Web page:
Another Anti-India Expose of BNP-Jamaat

The supplementary chargesheet filed last Sunday, in the sensational Chittagong arms haul case, has once again brought to the fore the anti-India activities of Bangladesh Nationalist Party (BNP) and the Jamaat-e-Islami combine. That’s of course nothing unnatural given the fact that Jamaat comprises mostly of anti-independence elements, who had wholeheartedly sided with the then West Pakistan during the 1971 Bangladesh liberation war.

For records, arms and ammunition equivalent to ten truckloads were seized at the jetty of Chittagong Urea Fertiliser Ltd (CUFL) at the port city, in the wee hours of 2 April, 2004. The arms, manufactured in the Chinese company Norinco, were set for India for the use of the separatist outfit United Liberation Front of Asom (Ulfa). The consignment contained 150 rocket launchers, over a million rounds of ammunition, 2,000 grenade launchers, 840 rockets, 25,000 grenades and over 1,600 assorted assault rifles. It was the largest arms haul ever in Bangladesh.

The supplementary chargesheet names 11 new accused in the case, besides the 25 already named in two earlier chargesheets. The new accused include former minister of state for home and BNP leader Lutfozzaman Babar, the then industries minister and Jamaat chief Motiur Rahman Nizami, senior Ulfa leader Paresh Barua, the then Directorate General of Forces Intelligence (DGFI) director Maj Gen (Retd) Rezzaqul Haider Chowdhury and former National Security Intelligence (NSI) director Brig Gen (Retd) Abdur Rahim. Chowdhury was later appointed the DG of NSI.

It’s widely alleged, though never conclusively proven, that Nizami had personally supervised the unloading of the arms at the CUFL jetty which was under his ministry’s jurisdiction. A minister, personally intervening in the transportation of arms for the purpose of carrying out insurgent activities in a neighbouring country, was hitherto unprecedented in South Asia.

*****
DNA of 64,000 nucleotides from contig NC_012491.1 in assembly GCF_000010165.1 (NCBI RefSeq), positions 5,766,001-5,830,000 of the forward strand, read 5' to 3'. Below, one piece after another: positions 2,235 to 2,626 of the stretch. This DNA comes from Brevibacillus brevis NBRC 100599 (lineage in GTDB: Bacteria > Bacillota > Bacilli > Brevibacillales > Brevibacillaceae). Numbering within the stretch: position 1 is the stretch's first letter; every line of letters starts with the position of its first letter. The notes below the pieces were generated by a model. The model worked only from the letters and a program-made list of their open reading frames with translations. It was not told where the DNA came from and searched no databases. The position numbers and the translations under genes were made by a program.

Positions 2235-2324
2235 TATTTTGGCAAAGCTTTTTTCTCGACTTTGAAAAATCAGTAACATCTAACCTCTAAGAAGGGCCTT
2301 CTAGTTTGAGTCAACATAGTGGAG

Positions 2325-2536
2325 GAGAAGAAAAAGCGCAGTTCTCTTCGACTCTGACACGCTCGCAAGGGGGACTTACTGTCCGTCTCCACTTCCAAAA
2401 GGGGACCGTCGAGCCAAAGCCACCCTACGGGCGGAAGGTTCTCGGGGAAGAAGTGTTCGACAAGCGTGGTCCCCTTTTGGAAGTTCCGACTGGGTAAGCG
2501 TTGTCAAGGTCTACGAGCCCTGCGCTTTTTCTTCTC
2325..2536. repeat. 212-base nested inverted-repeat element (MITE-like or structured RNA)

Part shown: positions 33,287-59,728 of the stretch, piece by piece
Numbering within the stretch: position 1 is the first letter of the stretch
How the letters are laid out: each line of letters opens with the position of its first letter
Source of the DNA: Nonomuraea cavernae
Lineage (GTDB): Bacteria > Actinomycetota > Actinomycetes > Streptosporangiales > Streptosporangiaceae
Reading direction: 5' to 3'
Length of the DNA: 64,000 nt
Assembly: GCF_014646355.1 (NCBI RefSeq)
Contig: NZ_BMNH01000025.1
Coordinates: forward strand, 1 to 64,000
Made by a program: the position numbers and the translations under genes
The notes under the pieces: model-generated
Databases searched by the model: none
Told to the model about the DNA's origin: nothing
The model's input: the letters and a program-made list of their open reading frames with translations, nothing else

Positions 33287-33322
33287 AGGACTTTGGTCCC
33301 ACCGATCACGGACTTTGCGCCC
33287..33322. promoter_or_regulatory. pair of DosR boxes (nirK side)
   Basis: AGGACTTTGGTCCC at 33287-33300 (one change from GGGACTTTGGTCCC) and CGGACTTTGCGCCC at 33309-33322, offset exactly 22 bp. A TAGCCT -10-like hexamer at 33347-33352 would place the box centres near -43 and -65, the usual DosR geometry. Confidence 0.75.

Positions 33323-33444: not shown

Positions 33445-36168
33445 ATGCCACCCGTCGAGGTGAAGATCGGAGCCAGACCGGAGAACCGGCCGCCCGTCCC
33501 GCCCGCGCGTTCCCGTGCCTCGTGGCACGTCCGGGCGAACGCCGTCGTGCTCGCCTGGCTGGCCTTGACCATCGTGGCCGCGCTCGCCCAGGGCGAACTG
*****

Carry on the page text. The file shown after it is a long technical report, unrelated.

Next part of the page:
The BNP-led four party coalition, were in power for two terms i.e. 1996-2001 and 2001-2006. The 2006 general election in Bangladesh was replete with widespread rigging, violence and torture on minority communities. No wonder that the during the 10-year tenure of the BNP-Jamaat coalition, Indo-Bangla relations had reached its nadir. New Delhi was viewed by the coalition as an imperialist force, out to extract its pound of flesh for having won a decisive victory for Bangladesh (the then East Pakistan) in 1971. 

The supplementary chargesheet to the Chittagong arms haul case amply proves the fact that top-ranking government officials and senior BNP and Jamaat leaders were hand-in-gloves with separatist and insurgent groups of India. No wonder that insurgency in the North East peaked during BNP’s tenure in power. Bangladesh, for long had patronised insurgency in the North East and had provided safe haven to activists of many rebel groups.

Awami League, ever since assuming power in 2008, has tried to mend ways with India. It has handed over New Delhi key separatist leaders including Arabinda Rajkhowa, founder chairman, Ulfa and Ranjan Daimary, chief, National Democratic Front of Bodoland. It has also taken proactive steps to stop anti-India activities from Bangladesh soil. However, much needs to be done as several banned militant outfits like HuJI-B and Jamaatul Mujahideen Bangladesh, continue to operate in the country.

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